It is a major decision to change a constitution and the existing constitution should say when and how it may be done. Any changes should be publicised to members and the public [if relevant] and if you have registered your organisation, you will have to inform the bodies with whom you registered.
Constitutions should not be too detailed. They should record only those agreements that will remain true throughout the life of the organisation or until some major change happens. They should only record basic and long-term facts about the organisation that you will not need to change often.
They should not, for example, include specific objectives that are only relevant for a short part of the organisation's life span. The objectives you include should be relevant to the long-term goal and purpose of the organisation. The description of structures also should not be too detailed.
It should not contain names or other specific details that will change as the organisation develops. Only the main structures and their functions should be covered, as you may want to change parts of the structure from time to time. For example you may say " A Chairperson, secretary, treasurer and at least three additional members will be elected as an executive at the AGM" This allows you to change the number and the portfolios on the executive as your needs change, without having to amend your constitution.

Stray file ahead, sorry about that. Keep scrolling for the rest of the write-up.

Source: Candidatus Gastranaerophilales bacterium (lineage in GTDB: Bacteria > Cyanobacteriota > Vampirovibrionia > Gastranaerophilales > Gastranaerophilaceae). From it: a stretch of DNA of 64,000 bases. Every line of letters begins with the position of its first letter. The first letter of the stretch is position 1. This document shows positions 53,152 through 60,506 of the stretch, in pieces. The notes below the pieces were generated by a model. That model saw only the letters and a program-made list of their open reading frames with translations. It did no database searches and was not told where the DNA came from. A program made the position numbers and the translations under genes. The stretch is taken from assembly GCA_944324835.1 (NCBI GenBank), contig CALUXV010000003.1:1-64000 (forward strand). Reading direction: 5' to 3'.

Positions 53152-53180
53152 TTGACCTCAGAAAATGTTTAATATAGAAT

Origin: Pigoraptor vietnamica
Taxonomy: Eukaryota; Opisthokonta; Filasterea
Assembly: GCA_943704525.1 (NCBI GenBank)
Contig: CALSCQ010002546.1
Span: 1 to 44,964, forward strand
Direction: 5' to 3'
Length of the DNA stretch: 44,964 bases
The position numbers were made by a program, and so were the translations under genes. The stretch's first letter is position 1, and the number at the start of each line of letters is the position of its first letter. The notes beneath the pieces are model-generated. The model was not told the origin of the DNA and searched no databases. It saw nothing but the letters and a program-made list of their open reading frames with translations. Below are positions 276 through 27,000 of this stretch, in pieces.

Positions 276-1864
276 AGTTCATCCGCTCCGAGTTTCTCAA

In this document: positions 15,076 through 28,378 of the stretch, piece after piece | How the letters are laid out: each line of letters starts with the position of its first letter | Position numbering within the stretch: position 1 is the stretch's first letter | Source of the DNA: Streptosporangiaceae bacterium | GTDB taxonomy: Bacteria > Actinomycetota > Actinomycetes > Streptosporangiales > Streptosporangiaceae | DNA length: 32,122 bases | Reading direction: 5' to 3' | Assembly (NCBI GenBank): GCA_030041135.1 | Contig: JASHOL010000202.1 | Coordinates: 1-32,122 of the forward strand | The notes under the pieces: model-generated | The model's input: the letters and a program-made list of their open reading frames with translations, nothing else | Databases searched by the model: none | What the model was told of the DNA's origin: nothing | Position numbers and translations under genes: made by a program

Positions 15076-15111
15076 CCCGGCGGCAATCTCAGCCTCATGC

Using constitutions The constitution is the key founding document of an organisation.SAMPLE CONSTITUTION XYZ Organization at ETSU PLEASE READ: Please note that this is a very simple, sample constitution, provided to assist groups in preparing their OWN, ORIGINAL constitution with more substance.
If you intend to apply as a new organization, your application may be denied if you simply fill in the blanks and turn this in as a. The business plan can be used throughout the life of your nonprofit, changing as the organization does.
A startup's business plan may be quite brief while the business plan . If it is a non-profit organisation, what type of non-profit organisation should it be - a Voluntary Association, a Trust or a Section 21 Company?
If it is either a Trust or a Section 21 Company, it will have to be registered with the relevant authorities as explained in the LRC guide on Legal structures commonly used by non-profit organisations.
Nonprofit organizations have a unique set of needs and requirements. That's why these sample business plans for nonprofit organizations and social enterprise businesses can help you get started on the right foot. These, and hundreds more sample business plans, are included in LivePlan.
It's the fastest way to create a business plan for your business. The business plan can be used throughout the life of your nonprofit, changing as the organization does. A startup's business plan may be quite brief while the business plan . Nonprofit organizations have a unique set of needs and requirements.
That's why these sample business plans for nonprofit organizations and social enterprise businesses can help you get started on the right foot. These, and hundreds more sample business plans, are included in LivePlan.